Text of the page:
Three groups of two is equal to six.

Did you notice this? Did you notice that the whole six bar is the same size as the three twos? They're the same size because three times two is equal to six, they're equivalent.

And that's why here, it doesn't matter where the whole amount goes on the side of the equals sign because they're equivalent.

Three times two is equal to six.

Six is equal to three times two.

In this session, we're also going to learn some new words.

Did you see that word come in on that yellow star? Can you read it? Yeah.

It says product.

Say it for me.

Product, that's correct.

Product.

The product is how many there are all together.

Can you say that with me? The product is how many there are all together.

Can you whisper it to me? The product is how many there are all together.

Can you say it like a robot? The product is how many there are all together.

Can you say it in your normal voice again? The product is how many there are all together.

So how many shoes are there all together? Six, that's right.

So six is the product.

Okay.

Here's our next new word for this session.

This word is factor.

Factor.

Can you say that? Factor.

Okay, now, we already know that in our multiplication equations, we know that six is the product.

So which numbers do you think are called factors? Which numbers do you think? You're right.

It's three and two.

The number three and the number two are the factors.

Six is the product.

So three twos are six.

Factor times factor is equal to the product.

You got that.

Factor.

Okay.

You might want to pause here again in a second, and go and get your strips of paper again and your pen.

And we're going to write our new words to help us learn about them, okay? So go get your strips of paper and copy these words.

You need one that says product and two that say factor.

You need a times sign and an equal sign.

So pause here now.

Go get your strips of paper.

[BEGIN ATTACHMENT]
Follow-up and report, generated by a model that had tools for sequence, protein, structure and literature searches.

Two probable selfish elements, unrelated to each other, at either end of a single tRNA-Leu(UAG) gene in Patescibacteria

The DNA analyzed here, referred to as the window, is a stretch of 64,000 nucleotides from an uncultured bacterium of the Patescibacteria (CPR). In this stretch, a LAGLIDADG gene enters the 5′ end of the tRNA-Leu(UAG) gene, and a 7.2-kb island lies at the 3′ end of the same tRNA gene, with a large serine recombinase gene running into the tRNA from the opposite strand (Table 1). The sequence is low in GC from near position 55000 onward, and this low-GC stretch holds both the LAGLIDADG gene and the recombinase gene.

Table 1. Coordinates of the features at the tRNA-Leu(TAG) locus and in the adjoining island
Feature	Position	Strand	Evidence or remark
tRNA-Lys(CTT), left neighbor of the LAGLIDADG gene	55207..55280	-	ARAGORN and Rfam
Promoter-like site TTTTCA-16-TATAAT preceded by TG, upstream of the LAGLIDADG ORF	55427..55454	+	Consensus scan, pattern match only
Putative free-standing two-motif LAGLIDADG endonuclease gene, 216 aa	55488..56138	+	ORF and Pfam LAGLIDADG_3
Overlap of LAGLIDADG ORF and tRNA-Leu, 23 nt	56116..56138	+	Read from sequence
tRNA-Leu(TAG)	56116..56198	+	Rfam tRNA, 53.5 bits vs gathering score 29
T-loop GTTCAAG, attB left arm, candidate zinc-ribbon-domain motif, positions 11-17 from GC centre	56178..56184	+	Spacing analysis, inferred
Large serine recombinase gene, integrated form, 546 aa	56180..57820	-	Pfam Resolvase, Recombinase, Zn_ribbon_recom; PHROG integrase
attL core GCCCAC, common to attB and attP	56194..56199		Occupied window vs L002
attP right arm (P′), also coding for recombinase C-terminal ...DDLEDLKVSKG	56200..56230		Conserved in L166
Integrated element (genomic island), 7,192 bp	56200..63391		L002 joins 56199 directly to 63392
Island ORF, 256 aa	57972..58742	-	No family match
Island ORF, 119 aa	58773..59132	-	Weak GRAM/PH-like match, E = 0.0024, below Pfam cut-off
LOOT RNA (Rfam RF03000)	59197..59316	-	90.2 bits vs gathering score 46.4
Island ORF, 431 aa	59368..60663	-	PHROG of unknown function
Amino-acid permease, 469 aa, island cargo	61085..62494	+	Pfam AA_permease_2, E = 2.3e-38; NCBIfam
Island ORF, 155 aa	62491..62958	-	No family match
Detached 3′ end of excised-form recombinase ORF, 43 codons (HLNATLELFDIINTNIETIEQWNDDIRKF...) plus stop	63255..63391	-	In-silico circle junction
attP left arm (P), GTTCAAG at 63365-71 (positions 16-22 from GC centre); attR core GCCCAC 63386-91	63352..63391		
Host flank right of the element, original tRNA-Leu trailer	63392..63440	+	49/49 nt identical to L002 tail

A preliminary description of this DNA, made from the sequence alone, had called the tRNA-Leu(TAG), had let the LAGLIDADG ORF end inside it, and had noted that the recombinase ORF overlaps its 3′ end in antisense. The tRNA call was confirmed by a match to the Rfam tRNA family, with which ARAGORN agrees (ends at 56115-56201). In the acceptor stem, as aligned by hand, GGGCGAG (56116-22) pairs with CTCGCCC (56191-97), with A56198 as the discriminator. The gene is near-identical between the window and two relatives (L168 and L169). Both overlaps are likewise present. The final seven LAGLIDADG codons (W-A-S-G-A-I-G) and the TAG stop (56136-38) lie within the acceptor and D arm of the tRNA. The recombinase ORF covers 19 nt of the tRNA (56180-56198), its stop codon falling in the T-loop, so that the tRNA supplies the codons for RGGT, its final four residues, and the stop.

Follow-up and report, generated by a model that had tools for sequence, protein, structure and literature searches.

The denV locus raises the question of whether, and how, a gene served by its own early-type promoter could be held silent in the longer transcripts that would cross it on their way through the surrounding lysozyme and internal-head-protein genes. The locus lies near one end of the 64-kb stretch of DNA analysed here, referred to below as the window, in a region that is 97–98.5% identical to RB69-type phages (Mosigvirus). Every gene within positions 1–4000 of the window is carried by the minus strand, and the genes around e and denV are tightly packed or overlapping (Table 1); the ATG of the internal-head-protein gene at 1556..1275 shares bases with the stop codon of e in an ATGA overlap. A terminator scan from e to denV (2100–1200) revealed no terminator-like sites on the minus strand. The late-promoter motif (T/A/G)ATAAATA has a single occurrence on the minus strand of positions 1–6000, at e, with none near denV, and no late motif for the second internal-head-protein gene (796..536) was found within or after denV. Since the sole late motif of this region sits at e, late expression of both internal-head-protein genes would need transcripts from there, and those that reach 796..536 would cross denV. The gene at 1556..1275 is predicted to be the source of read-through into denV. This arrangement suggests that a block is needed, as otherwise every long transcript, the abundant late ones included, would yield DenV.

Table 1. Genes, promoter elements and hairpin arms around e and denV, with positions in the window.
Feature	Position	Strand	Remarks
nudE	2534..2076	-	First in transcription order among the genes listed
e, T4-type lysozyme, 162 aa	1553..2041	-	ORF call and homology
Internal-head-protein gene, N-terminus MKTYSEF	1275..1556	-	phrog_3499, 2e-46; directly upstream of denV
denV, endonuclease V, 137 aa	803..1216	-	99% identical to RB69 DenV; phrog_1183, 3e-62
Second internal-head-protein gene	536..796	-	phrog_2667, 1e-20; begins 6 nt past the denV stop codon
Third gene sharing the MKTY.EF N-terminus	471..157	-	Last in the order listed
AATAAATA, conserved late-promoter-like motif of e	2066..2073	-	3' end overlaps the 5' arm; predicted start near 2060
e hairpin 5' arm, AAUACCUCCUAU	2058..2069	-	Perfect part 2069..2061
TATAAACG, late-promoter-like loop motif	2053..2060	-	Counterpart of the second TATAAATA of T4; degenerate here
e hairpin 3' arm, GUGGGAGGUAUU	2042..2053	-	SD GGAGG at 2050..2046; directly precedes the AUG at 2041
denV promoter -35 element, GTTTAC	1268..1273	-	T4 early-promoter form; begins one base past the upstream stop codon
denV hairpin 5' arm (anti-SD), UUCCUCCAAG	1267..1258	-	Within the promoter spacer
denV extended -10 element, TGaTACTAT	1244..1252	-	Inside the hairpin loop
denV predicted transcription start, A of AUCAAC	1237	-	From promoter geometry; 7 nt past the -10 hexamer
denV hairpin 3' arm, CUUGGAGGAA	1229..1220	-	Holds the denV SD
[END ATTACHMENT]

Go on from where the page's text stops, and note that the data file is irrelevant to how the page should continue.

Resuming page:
And go and write your words.

See you in a minute.

Okay.

So go and arrange your words.

Factor, factor, product, the time sign and the equal signs next to the bar model you made.

And then check here.

Did you get the same as this? We have learned that factor times factor is equal to product.

Did you match it to your multiplication equation? Well done.

We also know that six is equal to three times two.

And product is equal to factor times factor.

Can you get your word cards now and rearrange them so that they match this sentence? Product is equal to factor times factor, go and have a go.

Okay.

Did you manage? Have a look at mine here.

Product is equal to factor times factor.

Did you get the same? Does yours match mine? Well done.

So, we know now that factor times factor is equal to product.

And product is equal to factor times factor.

It doesn't matter where the equal sign is.

The product is still equal to factor times factor.

Or factor times factor is equal to product.

They're equivalent.

Let's have another go.

Okay.

Here's our number two.

And remember he's a group of two blocks.

Do you remember that? Okay.

So how many groups have we got? That's right, we've got five groups of two, five groups of two.

Five groups of two are, should we do our skip counting? Here we go.

Two, four, six, eight, 10.

Five groups of two are 10.

Can you get your strips of paper, and make your bar model now to make 10? A whole 10.

And can you make it so that you remember to write your multiplication equations? Five twos are 10.

And if we know that, we know 10 is equal to five twos.

And then, can you use your new word cards of factor, factor, and product? And show that factor times factor is equal to product.

And product is equal to? You're right, factor times factor.

Okay.

Did you do it? Let's have a look.

That's what you made.

And did you do, what does the five represent here? Remember? What is it? The number of groups, well done.

And what does the two represent? The number in each group.

And what does the 10 represent? That's right.

A whole number all together.

What do we call the whole amount all together? We call it the product, well done.

And what are the other two called? The factors.

And can you say your sentence with me you made? Factor times factor is equal to product.

Product is equal to factor times factor.

Great learning today.

You're ready for your practise activity? Okay.

For your practise activity this time, use your strips of paper to go and make some groups of two bar models.

Go and make some bar models for your two times table.

You might do three twos, four twos, six twos, 10 twos.

But remember, whatever you make in your groups of two, you'll whole them out.

Your product needs to be the same size.

Remember, this top whole bar is the same size as the groups of twos when they're put together.

They are equivalent.

Okay? And then can you make sure you have a go at writing your multiplication equations, and then use your new words.

I put them in red here to remind you of product and factors to go and tell somebody what are the products and what are the factors in your multiplication equations.

Have fun.

Bye.